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Like with every facet of the travel industry, the hotel segment evolves each year, adapting to economic changes, shifting traveler demands and more.
Many of last year’s trends have helped to frame the outlook for the new year, as they’ve matured in efficacy and attracted new players. Take the oft-discussed concept of wellness, for example, which has progressed from a shiny trend to an acute lifestyle. As a result, wellness now hugely impacts not only a hotel’s amenities and design, but also its core mission.
There’s also the uptick in micro hotels, where major industry brands are offering their own take on deliberately downsized accommodations. Additionally, big hotel brands are venturing into an exciting, new-to-them — and extremely lucrative — territory: the sharing economy.
Below is a deeper look into these top hotel trends for 2020.
Micro Hotels Are Having a Growth SpurtBigger isn’t always better — at least, that’s the reasoning behind micro hotels, an industry trend gaining ground in metropolitan areas around the world. Social butterflies, millennials and on-the-move businesspeople are flocking to these small but mighty accommodations, where square footage is sacrificed in favor of lower room rates and prime locations set in the heart of the action.
With guestrooms averaging 200 square feet or less, micro hotels emphasize a tech-forward design meant to lure people out of their rooms and into buzzing communal spaces. Japan’s capsule-style hotels pioneered this formula of an optimized stay, and U.S. brands have since stepped into the ring.
For example, lifestyle hotel brand The Pod Hotels opened its sixth location in Philadelphia, and Motto by Hilton has plans to launch in destinations including Atlanta; Lima, Peru; and more. Marriott International’s Moxy Hotels now features more than 100 properties either open or in the works.
Toni Stoeckl, vice president of distinctive select brands for Marriott, says that Moxy properties are designed to give guests everything they want, and nothing they don’t.
“Smaller rooms mean concentration, not reduction — where affordability is not a sacrifice of style nor loss of comfort,” he said.
Wellness Continues to ProgressThe concept of wellness isn’t new, but it has evolved beyond the stereotype of healing crystals and $15 green juices. And at the best hotels of today and tomorrow, wellness is much bigger than a spa or a daily yoga class.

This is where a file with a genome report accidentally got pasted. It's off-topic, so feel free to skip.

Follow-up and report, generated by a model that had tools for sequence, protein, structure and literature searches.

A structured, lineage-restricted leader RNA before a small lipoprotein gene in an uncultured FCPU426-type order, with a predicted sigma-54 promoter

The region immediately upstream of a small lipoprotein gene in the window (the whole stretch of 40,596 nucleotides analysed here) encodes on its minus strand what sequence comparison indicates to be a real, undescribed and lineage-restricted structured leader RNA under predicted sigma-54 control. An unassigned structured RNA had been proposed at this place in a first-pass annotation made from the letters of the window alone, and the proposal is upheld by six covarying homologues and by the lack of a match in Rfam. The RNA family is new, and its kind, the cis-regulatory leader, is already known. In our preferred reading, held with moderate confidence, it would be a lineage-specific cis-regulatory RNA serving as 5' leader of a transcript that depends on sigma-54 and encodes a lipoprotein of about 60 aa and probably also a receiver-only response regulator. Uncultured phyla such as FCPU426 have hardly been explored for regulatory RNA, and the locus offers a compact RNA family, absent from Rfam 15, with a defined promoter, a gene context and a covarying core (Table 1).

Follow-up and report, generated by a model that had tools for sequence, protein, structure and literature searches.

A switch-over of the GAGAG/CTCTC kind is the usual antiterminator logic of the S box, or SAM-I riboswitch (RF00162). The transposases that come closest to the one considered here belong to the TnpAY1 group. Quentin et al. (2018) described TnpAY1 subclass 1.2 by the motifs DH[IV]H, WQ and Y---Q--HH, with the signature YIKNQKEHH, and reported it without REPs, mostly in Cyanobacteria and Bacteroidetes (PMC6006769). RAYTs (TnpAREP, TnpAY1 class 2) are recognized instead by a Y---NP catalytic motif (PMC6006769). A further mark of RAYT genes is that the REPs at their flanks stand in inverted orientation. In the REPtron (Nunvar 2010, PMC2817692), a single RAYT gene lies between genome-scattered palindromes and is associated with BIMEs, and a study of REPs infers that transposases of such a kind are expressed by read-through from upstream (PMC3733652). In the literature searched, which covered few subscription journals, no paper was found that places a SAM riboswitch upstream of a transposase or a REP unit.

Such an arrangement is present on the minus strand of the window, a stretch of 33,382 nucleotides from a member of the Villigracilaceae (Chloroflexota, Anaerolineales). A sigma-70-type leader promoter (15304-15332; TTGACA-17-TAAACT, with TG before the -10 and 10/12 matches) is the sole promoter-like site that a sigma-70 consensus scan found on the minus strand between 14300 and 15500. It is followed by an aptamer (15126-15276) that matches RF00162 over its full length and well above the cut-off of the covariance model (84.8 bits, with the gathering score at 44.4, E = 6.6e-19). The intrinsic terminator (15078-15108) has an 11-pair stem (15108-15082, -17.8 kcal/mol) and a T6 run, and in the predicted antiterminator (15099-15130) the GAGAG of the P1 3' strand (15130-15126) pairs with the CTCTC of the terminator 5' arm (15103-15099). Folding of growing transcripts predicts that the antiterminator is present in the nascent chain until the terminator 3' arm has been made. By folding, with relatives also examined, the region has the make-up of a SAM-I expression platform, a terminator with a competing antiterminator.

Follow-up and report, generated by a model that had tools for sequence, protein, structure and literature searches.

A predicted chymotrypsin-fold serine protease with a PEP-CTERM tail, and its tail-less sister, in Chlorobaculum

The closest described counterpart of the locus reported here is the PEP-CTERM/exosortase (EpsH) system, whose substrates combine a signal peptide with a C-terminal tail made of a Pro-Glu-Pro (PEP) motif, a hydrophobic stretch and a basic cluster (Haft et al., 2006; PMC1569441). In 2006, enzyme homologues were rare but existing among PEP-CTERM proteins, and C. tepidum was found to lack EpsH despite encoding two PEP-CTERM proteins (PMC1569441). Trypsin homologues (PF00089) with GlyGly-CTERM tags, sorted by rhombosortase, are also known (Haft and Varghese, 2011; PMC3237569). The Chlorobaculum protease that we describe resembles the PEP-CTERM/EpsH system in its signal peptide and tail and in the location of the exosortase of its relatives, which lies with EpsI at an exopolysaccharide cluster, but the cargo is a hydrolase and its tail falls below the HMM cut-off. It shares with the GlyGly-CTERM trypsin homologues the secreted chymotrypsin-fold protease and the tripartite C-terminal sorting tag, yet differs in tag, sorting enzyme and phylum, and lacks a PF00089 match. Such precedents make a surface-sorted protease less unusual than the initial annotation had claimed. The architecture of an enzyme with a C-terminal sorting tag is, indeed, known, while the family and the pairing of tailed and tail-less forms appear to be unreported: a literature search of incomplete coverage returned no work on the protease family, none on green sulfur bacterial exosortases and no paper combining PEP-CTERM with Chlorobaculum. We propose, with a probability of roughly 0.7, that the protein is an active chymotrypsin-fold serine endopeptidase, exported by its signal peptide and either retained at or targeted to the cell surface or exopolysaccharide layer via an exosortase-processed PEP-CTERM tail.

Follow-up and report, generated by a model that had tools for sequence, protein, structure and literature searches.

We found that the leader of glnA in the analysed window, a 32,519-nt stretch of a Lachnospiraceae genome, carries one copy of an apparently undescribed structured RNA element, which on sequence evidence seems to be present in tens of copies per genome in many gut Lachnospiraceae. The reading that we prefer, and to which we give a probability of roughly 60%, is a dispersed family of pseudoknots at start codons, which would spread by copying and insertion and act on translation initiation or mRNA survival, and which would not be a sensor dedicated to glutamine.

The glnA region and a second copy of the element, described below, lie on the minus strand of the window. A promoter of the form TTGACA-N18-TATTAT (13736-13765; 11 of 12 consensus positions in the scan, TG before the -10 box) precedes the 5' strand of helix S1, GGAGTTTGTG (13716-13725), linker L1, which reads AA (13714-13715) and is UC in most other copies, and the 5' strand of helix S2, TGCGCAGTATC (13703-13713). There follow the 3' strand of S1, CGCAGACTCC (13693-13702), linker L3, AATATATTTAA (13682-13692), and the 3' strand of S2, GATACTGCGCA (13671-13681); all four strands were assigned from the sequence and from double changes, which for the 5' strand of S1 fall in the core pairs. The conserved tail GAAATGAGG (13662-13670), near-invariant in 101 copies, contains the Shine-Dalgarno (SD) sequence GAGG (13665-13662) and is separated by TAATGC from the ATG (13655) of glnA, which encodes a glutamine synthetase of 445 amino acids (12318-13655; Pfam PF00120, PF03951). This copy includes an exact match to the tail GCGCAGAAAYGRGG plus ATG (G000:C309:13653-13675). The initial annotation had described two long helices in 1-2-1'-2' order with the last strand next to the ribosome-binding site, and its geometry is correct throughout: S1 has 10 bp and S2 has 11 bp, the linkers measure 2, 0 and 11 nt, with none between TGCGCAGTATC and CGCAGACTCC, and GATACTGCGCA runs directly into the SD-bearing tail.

Kristie Goshow, chief marketing officer for Preferred Hotels & Resorts, says that wellness is a way of life, and should be reflected in every touchpoint of a hotel — from the environmental approach of the building to the provenance of ingredients used at food and beverage outlets.
“In a few short years, wellness will be an expectation, as opposed to a concept or proposition that we market to,” she said.
Jordin Greene, vice president of hotel partnerships for Signature Travel Network, says exciting new properties from wellness resort brands include Canyon Ranch Woodside in California, which opened last month, and Miraval Resorts & Spas in Lennox, Mass., which is expected to welcome guests in spring 2020.
Greene adds that urban hotels are also under the wellness spotlight, including Six Senses New York. Opening early 2020, the property is the group’s first foray into North America.
The Sharing Economy Gets BiggerMore than ever before, consumers are actively participating in the sharing economy. MMGY Travel Intelligence’s 2019-2020 Portrait of American Travelers reports that 29% of U.S. travelers used home-sharing services this year, up 9% from 2018. (Airbnb alone racked up an astounding 57% year-over-year increase in use by respondents.)
Of those who have used such lodging, about half now indicate they prefer it to traditional hotels.
You know what they say: If you can’t beat ’em, join ’em. With the home-sharing market now valued at an estimated $3 to $4 billion, hotel brands understandably want a piece of the action. Paris-based AccorHotels’ Onefinestay brand, which it acquired in 2016, grew and reorganized its portfolio this year; it now encompasses a City Collection and a Villa Collection.
Additionally, following a yearlong pilot program in Europe, Marriott introduced Homes & Villas by Marriott International in May. In partnership with vetted property management companies, the brand offers some 2,000 luxury home rentals in the U.S., Europe, the Caribbean and Latin America.
It may be a bold move to go up against home-sharing behemoths, but Homes & Villas has one distinct advantage.
“It’s the ability to earn and redeem Marriott Bonvoy points that’s likely to attract the home-share customers of Airbnb and VRBO,” Signature’s Greene said.
The DetailsMotto by Hiltonwww.hilton.com/en/motto
Preferred Hotels & Resortswww.preferredhotels.com
Signature Travel Networkwww.signaturetravelnetwork.com